here in this place
The Maggolee website, developed by Reconciliation Victoria, supports engagement and partnerships between local government and Aboriginal communities.

Why is this important?

First Peoples Voice to Parliament is the first reform called for in the Uluru Statement from the Heart.

This is a constitutionally enshrined body of First Nations People with a direct line to Federal Parliament, able to influence laws and policies that affect First Nations communities. A constitutional Voice is both symbolic and substantive recognition.

Read Reconciliation Victoria's position statement on the Voice to Parliament.

Voice to Parliament Resources

Take action and get informed.  

Learn more

Voice Referendum Events

Rec Vic and events in Victoria.

Find an event

Referendum Voting Date and Question

The referendum is on Saturday, 14 October 2023.

We will be asked to vote on whether to change the Constitution to recognise the First Peoples of Australia by establishing a body called the Aboriginal and Torres Strait Islander Voice.

Voters will be asked to write ‘yes’ or ‘no’ on the ballot paper to a single question:

“A Proposed Law: to alter the Constitution to recognise the First Peoples of Australia

by establishing an Aboriginal and Torres Strait Islander Voice.  

Do you approve this proposed alteration?”

'Father of Reconciliation',

Senator Pat Dodson's urgent call for Yes

On 12 September, Senator Pat Dodson and Special Envoy for Reconciliation and Implementation of the Uluṟu Statement and Senator for WA, made an urgent at the National Press Club.

Senator Dodson said the day after the referendum Australians will "have a look in the mirror" and ask themselves of the result: "How is this going to impact your kids and yourself going forward?".

"Are we going to go backwards? Cop more of the same? Are the Aboriginal and Torres Strait Islander people going to be at the table or picking up the crumbs? As we have been for the last 200 years,".

Read more.

Voice Video Launched

In strong support of a YES vote at the upcoming referendum, Reconciliation Victoria has launched its VOICE Video.

The video reinforces Reconciliation Victoria’s position on a constitutionally enshrined First Nations' Voice to Parliament and our full support for the Uluru Statement from the Heart.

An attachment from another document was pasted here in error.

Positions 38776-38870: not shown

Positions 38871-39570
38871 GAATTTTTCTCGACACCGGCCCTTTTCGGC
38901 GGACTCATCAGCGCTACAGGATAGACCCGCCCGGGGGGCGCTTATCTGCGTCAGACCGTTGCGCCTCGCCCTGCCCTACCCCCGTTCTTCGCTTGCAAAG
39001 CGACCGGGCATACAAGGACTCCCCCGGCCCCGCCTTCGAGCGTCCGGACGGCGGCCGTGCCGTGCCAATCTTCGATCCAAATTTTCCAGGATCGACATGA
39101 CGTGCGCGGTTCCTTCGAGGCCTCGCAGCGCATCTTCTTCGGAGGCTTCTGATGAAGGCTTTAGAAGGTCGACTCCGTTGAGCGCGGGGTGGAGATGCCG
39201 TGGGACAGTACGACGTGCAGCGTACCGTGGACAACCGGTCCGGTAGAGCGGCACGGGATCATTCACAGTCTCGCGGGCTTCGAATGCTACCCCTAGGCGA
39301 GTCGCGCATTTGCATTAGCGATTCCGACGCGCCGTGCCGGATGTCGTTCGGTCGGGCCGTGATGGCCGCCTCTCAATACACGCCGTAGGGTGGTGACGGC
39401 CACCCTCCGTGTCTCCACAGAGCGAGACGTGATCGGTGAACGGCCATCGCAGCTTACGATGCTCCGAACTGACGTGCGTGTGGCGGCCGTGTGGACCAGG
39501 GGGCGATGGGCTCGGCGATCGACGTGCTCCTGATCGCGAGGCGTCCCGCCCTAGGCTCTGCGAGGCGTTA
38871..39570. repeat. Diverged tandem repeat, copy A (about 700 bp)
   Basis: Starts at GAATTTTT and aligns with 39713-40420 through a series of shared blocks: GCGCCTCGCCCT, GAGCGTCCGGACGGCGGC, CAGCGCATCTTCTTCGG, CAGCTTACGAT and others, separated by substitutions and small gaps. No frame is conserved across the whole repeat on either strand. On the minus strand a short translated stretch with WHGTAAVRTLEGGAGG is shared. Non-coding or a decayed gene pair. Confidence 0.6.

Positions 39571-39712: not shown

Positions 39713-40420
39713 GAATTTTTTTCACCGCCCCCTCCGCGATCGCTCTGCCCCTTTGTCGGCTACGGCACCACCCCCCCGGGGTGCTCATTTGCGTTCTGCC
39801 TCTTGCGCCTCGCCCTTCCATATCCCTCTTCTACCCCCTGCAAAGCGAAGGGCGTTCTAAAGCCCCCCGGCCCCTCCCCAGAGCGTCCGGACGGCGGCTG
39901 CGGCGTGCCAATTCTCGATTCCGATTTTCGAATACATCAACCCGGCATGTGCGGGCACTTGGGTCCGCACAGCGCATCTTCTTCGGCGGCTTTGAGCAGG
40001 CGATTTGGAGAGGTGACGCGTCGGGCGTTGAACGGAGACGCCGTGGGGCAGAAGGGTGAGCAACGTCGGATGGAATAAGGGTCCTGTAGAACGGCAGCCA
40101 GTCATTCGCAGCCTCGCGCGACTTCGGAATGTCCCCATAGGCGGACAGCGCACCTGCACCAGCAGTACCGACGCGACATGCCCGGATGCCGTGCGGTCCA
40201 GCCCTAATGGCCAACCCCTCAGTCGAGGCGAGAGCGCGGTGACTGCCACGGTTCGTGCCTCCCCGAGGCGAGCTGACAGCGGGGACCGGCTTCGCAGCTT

We encourage all Reconciliation Victoria supporters and members to get behind First Peoples, make all our voices heard, and vote YES for a constitutionally enshrined First Nations’ Voice to Parliament.

Our VOICE video was produced by Little Rocket First Nations' Creative Agency.

What is the Voice to Parliament?

The three key components of the Uluru Statement from the Heart: The Painting, The People and the Statement.

The Uluru Statement is an invitation from First Nations Peoples issued to all Australians on 27 May 2017.  It calls for legal and structural reforms to reshape the relationship between First Nations Peoples and the Australian population.

The statement calls for two substantive changes:  

Voice and Makarrata.

  • Voice to Parliament enshrined in the Constitution.
  • a Makarrata Commission to supervise:
  1. Agreement making.
  2. Truth-telling about our history.

How will a voice to Parliament work and strengthen First Nations communities?

A Voice will mean the commonwealth government will have better quality information about First Nations communities and issues, delivered directly by First Nations Peoples themselves.

More accurate and detailed information from communities themselves will result in better quality laws and policies, improving the delivery and allocation of services and resources, and improving outcomes in all closing the gap areas, including health, housing, criminal justice, employment and education.

Rec Vic Local Reconciliation Group Forum at Barrbunin Beek Gathering Place, Banyule City Council. March 2023.

Victorian Local Councils who have publicly supported Voice to Parliament